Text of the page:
Clonal expansion of CD8 T cells in the systemic circulation precedes development of ipilimumab-induced toxicities.

Publication Type:

Journal Article


Proceedings of the National Academy of Sciences of the United States of America, Volume 113, Issue 42, p.11919-11924 (2016)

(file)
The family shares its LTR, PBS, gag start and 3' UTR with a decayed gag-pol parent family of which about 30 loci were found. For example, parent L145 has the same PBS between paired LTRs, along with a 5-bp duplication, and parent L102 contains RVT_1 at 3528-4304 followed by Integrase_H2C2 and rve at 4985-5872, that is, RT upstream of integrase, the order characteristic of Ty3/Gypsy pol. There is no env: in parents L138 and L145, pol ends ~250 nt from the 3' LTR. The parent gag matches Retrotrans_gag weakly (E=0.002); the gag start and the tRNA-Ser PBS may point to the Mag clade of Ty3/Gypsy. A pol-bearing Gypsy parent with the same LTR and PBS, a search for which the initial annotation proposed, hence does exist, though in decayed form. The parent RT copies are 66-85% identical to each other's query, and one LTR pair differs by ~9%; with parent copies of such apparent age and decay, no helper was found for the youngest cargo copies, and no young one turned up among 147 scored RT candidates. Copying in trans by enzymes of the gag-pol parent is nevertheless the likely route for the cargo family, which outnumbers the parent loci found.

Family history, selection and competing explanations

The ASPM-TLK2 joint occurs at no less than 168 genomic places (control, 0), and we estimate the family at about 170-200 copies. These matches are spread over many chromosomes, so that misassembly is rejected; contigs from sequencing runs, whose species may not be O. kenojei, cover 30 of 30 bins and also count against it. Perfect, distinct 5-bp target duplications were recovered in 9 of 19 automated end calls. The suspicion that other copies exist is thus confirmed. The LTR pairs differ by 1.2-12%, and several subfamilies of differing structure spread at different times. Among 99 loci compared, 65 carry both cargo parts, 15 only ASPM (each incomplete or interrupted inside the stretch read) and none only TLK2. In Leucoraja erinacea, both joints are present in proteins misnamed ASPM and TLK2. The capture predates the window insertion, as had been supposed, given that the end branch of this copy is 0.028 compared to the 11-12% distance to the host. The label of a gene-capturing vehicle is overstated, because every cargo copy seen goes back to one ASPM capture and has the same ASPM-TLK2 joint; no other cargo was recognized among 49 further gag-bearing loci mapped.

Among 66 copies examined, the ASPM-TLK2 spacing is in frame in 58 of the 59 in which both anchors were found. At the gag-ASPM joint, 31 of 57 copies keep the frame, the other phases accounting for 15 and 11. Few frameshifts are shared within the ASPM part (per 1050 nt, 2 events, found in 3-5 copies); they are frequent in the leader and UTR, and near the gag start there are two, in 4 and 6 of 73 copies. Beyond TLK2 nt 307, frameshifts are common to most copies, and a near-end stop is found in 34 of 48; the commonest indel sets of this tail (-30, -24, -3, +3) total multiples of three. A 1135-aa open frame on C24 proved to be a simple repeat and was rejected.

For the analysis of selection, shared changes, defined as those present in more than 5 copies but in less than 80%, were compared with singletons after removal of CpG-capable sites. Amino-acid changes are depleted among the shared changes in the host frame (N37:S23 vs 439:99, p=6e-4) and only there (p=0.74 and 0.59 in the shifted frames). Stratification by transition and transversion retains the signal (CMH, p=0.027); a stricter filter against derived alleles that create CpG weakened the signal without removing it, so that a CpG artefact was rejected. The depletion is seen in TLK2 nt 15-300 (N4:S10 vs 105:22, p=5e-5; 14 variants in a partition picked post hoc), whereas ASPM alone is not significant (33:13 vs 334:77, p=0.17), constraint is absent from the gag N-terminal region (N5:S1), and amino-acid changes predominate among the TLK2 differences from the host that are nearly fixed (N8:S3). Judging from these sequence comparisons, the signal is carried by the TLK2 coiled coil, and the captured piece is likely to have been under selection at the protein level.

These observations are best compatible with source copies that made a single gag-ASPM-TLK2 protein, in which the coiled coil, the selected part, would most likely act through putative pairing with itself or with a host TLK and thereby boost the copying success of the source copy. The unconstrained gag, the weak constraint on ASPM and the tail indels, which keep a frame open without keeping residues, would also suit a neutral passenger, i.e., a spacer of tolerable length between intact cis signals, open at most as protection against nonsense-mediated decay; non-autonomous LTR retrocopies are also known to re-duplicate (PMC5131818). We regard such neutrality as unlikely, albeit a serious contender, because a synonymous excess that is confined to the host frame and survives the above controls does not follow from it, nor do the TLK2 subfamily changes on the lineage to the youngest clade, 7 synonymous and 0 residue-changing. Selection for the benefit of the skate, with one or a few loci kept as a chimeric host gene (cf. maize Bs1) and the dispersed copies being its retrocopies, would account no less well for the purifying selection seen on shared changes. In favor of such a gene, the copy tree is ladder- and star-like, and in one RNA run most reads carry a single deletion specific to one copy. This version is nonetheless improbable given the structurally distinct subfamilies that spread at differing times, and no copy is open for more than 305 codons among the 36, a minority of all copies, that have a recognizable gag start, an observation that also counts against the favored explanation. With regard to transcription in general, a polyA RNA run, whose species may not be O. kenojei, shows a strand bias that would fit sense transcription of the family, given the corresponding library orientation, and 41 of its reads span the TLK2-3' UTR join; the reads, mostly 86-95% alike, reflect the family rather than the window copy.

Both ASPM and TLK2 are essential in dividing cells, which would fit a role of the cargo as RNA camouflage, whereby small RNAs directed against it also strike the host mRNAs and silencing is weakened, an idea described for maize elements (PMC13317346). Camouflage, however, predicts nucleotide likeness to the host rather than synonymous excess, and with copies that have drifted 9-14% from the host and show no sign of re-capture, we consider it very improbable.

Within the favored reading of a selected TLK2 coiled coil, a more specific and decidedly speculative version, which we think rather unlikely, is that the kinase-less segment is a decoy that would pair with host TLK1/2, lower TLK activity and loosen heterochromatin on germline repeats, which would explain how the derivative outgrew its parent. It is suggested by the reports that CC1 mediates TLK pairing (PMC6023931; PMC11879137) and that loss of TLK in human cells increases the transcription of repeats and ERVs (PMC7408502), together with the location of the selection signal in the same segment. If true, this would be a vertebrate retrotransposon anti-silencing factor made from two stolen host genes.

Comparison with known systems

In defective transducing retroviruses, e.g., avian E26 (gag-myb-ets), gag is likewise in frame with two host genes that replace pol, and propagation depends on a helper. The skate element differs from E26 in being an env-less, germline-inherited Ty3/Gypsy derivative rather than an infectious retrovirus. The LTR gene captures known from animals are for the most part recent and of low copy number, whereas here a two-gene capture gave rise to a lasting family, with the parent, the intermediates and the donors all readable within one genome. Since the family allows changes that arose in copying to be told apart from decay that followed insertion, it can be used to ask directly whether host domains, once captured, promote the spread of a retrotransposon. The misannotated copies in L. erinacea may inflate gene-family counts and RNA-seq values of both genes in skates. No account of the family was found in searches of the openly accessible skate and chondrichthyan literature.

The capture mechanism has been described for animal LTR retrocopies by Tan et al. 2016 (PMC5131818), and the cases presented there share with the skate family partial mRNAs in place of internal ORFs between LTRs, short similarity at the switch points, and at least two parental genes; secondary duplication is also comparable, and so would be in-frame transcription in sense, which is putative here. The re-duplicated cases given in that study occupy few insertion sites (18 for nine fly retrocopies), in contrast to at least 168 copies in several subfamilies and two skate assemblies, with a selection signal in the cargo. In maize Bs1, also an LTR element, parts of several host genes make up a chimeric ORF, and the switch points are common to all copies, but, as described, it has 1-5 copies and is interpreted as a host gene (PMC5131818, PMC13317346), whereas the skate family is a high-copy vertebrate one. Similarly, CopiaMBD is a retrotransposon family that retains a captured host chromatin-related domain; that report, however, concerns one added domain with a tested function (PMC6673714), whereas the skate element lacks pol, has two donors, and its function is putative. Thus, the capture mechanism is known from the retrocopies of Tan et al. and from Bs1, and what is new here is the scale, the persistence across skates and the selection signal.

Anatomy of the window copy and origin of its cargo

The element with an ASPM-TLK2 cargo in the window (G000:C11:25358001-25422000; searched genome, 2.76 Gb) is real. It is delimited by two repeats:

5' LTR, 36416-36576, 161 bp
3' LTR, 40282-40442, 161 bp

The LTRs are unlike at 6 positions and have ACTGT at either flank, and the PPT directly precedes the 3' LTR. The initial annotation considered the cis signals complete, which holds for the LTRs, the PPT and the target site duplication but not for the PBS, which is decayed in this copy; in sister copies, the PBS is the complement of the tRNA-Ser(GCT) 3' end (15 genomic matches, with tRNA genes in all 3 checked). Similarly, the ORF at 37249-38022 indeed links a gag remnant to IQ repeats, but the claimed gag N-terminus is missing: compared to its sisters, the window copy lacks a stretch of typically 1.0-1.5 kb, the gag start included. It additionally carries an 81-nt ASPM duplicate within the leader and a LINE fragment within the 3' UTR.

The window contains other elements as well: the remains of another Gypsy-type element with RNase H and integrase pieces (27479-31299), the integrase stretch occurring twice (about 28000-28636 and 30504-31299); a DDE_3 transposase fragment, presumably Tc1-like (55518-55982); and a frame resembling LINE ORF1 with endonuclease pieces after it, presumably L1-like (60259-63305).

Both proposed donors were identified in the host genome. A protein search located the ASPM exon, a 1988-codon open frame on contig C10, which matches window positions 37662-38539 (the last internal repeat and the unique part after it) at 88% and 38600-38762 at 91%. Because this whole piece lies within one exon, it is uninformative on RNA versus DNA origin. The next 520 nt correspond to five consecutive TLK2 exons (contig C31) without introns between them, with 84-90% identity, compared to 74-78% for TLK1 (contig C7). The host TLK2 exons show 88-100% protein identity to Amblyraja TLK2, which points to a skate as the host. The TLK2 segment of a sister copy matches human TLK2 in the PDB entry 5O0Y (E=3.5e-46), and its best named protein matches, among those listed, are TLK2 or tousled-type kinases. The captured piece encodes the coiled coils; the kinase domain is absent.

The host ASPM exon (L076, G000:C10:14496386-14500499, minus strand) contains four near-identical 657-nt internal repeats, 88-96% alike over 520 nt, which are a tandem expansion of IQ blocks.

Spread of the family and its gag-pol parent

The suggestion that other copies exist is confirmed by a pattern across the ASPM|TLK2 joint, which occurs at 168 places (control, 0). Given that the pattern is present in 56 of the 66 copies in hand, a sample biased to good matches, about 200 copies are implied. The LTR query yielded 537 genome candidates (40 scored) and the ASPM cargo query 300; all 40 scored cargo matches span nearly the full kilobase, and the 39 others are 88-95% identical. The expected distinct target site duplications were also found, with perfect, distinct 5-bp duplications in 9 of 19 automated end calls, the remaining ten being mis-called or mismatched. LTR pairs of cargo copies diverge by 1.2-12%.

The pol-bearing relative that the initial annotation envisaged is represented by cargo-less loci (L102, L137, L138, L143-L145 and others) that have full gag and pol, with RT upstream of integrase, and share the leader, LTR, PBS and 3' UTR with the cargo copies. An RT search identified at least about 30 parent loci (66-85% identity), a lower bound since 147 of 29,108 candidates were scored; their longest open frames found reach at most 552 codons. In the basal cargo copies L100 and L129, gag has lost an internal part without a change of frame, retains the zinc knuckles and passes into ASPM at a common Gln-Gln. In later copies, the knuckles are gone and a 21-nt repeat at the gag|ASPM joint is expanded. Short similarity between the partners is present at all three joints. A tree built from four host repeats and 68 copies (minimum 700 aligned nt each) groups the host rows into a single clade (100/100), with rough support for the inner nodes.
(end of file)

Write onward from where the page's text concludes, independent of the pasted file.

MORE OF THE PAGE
Immune checkpoint therapies, such as ipilimumab, induce dramatic antitumor responses in a subset of patients with advanced malignancies, but they may also induce inflammatory responses and toxicities termed immune-related adverse events (irAEs). These irAEs are often low grade and manageable, but severe irAEs may lead to prolonged hospitalizations or fatalities. Early intervention is necessary to minimize morbidities that occur with severe irAEs. However, correlative biomarkers are currently lacking. In a phase II clinical trial that treated 27 patients with metastatic prostate cancer, we aimed to test the safety and efficacy of androgen deprivation therapy plus ipilimumab. In this study, we observed grade 3 toxicities in >40% of treated patients, which led to early closure of the study. Because ipilimumab enhances T-cell responses, we hypothesized that increased clonal T-cell responses in the systemic circulation may contribute to irAEs. Sequencing of the T-cell receptor β-chains in purified T cells revealed clonal expansion of CD8 T cells, which occurred in blood samples collected before the onset of grade 2-3 irAEs. These initial results suggested that expansion of ≥55 CD8 T-cell clones preceded the development of severe irAEs. We further evaluated available blood samples from a second trial and determined that patients who experienced grade 2-3 irAEs also had expansion of ≥55 CD8 T-cell clones in blood samples collected before the onset of irAEs. We propose that CD8 T-cell clonal expansion may be a correlative biomarker to enable close monitoring and early intervention for patients receiving ipilimumab.